Economy, cost of ownership
Electric cars are more expensive than conventional cars, but many states have electric vehicle grants or tax exemptions which make electric cars cheaper.
One critical decision is whether to own or rent the battery. The battery is a very expensive part of the car and the cost of a battery repair or replacement might put some people off. Most electric cars have the battery physically fixed inside. However you can still choose to draw up a lease on the battery with or without additional services. These services may include free charging a certain stations, installment of a home charger, and access to quick charging, battery swaps, road side assistance, navigation updates and more. Take your pick between the service providers.
The cost of servicing an electric car is about half the cost of servicing a conventional car.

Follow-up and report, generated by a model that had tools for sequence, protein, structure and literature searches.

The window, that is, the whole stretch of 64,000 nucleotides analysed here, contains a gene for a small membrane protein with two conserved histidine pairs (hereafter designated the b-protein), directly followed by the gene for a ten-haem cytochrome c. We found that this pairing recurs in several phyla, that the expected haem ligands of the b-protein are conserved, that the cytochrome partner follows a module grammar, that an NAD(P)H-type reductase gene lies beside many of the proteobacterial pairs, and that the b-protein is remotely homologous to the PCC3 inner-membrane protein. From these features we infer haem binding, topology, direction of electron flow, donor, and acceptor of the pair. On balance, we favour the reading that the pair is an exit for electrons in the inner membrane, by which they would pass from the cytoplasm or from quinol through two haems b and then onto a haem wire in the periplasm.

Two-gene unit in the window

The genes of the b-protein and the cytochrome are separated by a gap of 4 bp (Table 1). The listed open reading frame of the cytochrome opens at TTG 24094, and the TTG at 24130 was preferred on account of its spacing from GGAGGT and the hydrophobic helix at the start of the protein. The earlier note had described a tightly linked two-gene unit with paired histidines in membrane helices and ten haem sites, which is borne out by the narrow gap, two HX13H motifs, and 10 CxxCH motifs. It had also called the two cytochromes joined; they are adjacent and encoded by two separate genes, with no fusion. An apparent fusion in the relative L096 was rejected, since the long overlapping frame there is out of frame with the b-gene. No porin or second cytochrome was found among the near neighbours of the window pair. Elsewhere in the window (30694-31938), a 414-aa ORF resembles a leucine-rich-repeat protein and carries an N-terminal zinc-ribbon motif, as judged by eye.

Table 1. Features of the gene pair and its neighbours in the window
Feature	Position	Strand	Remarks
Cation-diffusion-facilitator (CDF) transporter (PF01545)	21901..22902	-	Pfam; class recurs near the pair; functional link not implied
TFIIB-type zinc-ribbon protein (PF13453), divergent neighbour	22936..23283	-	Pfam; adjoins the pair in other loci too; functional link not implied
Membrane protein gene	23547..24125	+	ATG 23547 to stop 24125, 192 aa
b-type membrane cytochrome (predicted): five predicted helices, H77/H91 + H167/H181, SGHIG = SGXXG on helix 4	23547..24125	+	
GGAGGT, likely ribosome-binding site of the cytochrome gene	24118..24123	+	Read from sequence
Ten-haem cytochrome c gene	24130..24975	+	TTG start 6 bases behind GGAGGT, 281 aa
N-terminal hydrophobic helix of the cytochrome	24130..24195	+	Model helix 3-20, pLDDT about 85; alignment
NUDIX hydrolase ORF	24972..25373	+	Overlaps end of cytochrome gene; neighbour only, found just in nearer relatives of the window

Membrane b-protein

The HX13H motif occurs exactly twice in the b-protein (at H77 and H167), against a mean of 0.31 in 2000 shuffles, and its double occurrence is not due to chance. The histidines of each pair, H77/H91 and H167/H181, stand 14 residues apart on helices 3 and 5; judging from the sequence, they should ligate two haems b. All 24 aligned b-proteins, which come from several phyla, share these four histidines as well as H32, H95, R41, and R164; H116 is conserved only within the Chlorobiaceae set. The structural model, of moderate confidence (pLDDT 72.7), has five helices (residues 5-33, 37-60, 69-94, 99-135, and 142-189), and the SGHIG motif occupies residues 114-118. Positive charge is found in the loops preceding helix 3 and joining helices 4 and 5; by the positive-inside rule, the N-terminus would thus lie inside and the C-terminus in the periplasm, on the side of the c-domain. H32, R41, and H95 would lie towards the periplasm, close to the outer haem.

The main reason for this difference is that electric cars don't require oil changes on the motor. The EV also does without the entire fuel and ignition system, the exhaust system, catalyst/particulate filter, timing belt, spark plugs, water pump, generator, starter motor, radiator, belly pan and other system that usually require some looking after.
Typically the servicing is limited to brake pads, brake fluid, air filters and general items like tires, door hinges, locks, lights and interior parts.
Insurance premiums are often lower on electric vehicles. Typically you should be able to save 40% over conventional car insurance.
1 kWh costs about 10¢ - 26¢ depending on where you live.
A comparable budget for conventional car vs. an electric car is shown below:
(The table is based on a price of 0.15€/kWh)